Liz Gannes

Recent Posts by Liz Gannes

“Google Now” Might Be Google’s Most Personalized Feature Yet

The next version of Android will include a smart personal assistant called Google Now that makes assumptions about information users want to find, based on highly personal data like their search history, calendar, location and even location history.

Google Now will come out as part of the new Jelly Bean Android 4.1, which will roll out via an over-the-air update in mid-July.

If it works, this is going to be one of those features that’s totally creepy and totally useful.

For instance, Google Now promises it will figure out when and where a user commutes to work on a daily basis. When the user opens the app at that time, it will display a commute card that computes the current time with traffic and gives a faster route when possible.

Some other examples Google gave today as it debuted the feature at Google I/O:

  • When a user is located at a bus or train station, a Google Now public transportation card will appear that says when the next buses and trains are arriving.
  • As a user walks down the street in a new place, Google Now will suggest points of interest.
  • Once a user searches for a flight, Google Now creates a card for it that is updated with flight status and delays.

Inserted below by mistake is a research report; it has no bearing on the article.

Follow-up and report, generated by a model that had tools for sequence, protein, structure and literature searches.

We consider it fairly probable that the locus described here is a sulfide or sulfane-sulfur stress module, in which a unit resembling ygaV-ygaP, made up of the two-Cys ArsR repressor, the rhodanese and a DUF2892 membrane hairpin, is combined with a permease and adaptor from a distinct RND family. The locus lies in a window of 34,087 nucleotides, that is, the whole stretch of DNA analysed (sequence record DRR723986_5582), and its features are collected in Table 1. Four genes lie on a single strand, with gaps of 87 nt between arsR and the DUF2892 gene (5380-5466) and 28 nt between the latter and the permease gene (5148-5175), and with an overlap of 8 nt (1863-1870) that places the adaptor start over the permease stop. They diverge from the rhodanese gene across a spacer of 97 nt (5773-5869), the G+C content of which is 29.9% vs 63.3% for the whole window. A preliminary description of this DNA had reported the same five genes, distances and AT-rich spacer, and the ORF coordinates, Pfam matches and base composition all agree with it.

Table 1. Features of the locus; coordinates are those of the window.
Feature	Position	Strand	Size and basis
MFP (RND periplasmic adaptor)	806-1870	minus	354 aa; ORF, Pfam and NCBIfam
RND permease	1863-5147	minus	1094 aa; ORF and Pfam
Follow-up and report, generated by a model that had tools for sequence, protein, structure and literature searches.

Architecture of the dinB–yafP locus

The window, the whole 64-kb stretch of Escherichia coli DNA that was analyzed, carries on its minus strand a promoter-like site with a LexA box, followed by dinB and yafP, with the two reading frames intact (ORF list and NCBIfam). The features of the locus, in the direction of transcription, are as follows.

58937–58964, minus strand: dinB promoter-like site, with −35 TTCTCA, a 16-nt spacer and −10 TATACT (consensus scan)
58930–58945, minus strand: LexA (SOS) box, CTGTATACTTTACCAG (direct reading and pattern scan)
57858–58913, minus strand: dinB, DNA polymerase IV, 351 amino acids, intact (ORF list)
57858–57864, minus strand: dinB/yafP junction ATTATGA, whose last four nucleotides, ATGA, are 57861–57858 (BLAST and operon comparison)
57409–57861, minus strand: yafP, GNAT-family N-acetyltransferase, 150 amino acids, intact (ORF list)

• Google will also determine what sports team a user is most interested in, based on search history, and show a card of scores and upcoming games.
  • There are also cards for travel, translation, etc.

Smart mobile personal assistants are a hotbed of innovation right now, with Siri leading the way on iOS, and start-ups like Cue (formerly Greplin) innovating as well. More on that here.

The new Android Jelly Bean also includes some other personal-assistant-style features, such as a way to quickly email everyone attending a meeting to say you’ll be running late, by pressing a button directly from the notification page.


Latest Video

View all videos »

Search »

There’s a lot of attention and PR around Marissa, but their product lineup just kind of blows.

— Om Malik on Bloomberg TV, talking about Yahoo, the September issue of Vogue Magazine, and our overdependence on Google